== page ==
Bosses on the other hand will test you quite a bit more. A couple of the bosses are actually tough to the point where the design of the encounter feels unfairly stacked against you. One boss requires you to deflect fireballs back at him using your shield. Problem is, the fire ball moves VERY SLOW, and with the enemy lazily floating left and right, it’s often that the deflected fire ball will miss it’s mark. Your only other option is to light a torch, and use that to light an arrow and fire it at the boss. Problem is I don’t think most players will figure this out, and what happens is the boss feels poorly designed instead of fun. I think any encounter like this, using the harder option shouldn’t feel like a chore, and instead should be a fun challenge, followed by that AHA moment where you realize the alternative quicker solution. Instead, because of how many times I died before I had that moment, the boss fight dragged on too long, and having to restart over and over took away from the experience because it ended up just feeling sluggish.
Where things feel a bit more in place is when navigating Oceanhorn’s many dungeons. Although the dungeons aren’t the most imaginative things out their compared to the likes of Zelda, I was always curious about what was around every corner and just to generally keep pushing on until the boss encounter. In the dungeons, you run through the same set of sequences you would expect, find locked doors, open treasure chests containing keys, unlock those doors, find the master key, find the dungeons special item. It’s nothing new, but overall I enjoyed them. Some optional dungeons late game gave me some cool vibes that I had when playing similar areas that you’d encounter in the likes of Diablo III.
The puzzles encountered weren’t the most imaginative, and some were a bit too cryptic. Majority of them require you pushing blocks to open paths or create walkways. Other involve you hitting switches to open gates or raise blocks from the ground creating new walkways. There are also some in the form of targets that are require you to land a shot with your bow and arrow to open a gate. They aren’t overly complicated by any means, but they mostly work for the purpose of the game.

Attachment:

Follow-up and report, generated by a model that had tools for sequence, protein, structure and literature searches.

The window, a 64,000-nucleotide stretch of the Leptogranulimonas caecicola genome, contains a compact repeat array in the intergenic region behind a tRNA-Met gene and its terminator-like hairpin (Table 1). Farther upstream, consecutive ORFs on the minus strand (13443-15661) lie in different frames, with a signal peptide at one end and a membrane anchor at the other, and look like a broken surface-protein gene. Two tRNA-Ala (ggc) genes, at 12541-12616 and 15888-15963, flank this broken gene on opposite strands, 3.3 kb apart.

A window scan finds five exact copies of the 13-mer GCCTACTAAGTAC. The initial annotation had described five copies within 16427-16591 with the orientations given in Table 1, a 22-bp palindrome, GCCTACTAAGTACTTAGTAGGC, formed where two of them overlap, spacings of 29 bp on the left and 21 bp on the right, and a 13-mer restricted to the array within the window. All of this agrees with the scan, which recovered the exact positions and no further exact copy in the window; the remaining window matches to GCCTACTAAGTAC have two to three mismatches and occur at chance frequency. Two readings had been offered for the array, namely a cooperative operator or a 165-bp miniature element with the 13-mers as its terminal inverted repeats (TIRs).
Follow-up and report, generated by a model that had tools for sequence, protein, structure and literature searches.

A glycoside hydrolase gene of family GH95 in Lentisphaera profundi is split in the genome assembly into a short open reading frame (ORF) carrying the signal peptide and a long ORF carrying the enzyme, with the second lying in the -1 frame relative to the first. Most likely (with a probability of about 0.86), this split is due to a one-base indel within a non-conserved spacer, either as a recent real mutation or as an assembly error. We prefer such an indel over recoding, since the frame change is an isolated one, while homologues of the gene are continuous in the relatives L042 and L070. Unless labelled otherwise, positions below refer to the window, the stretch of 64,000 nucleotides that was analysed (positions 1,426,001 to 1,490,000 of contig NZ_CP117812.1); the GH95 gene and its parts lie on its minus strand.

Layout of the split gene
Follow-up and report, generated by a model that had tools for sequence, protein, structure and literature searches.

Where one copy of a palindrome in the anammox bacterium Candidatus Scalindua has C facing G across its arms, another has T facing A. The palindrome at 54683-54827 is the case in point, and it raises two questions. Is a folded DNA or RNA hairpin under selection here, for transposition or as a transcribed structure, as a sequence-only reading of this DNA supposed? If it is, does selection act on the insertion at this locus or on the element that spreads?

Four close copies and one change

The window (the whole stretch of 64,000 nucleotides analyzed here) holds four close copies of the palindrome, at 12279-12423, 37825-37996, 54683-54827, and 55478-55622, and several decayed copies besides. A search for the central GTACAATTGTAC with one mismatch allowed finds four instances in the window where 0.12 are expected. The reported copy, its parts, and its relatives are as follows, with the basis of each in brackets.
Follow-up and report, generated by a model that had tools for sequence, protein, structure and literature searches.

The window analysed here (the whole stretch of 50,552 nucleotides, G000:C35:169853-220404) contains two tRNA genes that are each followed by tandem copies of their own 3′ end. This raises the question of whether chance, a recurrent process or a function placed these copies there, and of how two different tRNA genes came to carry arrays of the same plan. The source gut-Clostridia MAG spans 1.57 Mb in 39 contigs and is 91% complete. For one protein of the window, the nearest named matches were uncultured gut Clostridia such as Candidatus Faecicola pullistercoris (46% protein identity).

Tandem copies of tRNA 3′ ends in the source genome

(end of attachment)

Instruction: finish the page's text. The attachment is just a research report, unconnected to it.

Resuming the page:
Outside of dungeons, you will navigate Oceanhorn’s many islands uncovering treasure there and solving puzzles as well. There are problems in navigation that extend outside of the dungeon and affect the game overall. The landscape is arranged into different levels, and are effectively many blocks stack on top of one another. Finding your way up is usually straight forward, but coming down is where confusion starts. You can leap off of some ledges if they aren’t too high. However the ones that are too high, you can’t. The height of the fall is what really gives away if you can do this or not, but with the way the camera is tilted and just the overall layout of everything, I found this a very hard thing to judge, making back tracking pretty difficult overall.
Another thing that bugged me is I never found Oceanhorn to be intuitive in how it directs the player. It was never clear the general direction I needed to go, or where I could possibly find the thing I needed to do to move forward. For example, in one part there was a switch that was literally hidden under a random bush. I got very lucky by just randomly cutting bushes and encountering the required switch, but I can see this really frustrating players who wouldn’t expect the game to hide a pivotal progression piece under some random bland looking bush. Other areas sometimes need you to bomb a wall, but the wall needing to be bomb does not stand out at all to say “BOMB ME!”, making it guess work, or never making it apparent that a rock can be destroyed. Some assets used are apparent in other parts of the game, and appear indestructible.
Where the game really fails is in it’s rewards. There are many chests scattered around that don’t reward you anything meaningful. Instead of getting a key, piece of heart, you end up getting five bombs, or arrows, or coins. Coins seem the most useful, but there is not a whole lot to buy in the stores in Oceanhorn. There are times where you do uncover that piece of heart, or full heart container from a shop keeper, but overall I found finding chests and ultimately uncovering it’s so called treasure very redundant. The amount of useless rewards far greatly outnumbered those that actually gave me something good.
Arcadia, the world of Oceanhorn is a vast open ocean. There are several islands scattered around the land. Each house anything from towns, to dungeons, to bare islands that hold some rewards. There is a decent amount of islands to explore and uncover as you play through the game. Quite a few of them are optional, so those seeking to do a bit of exploring out of the main quest may have some fun here.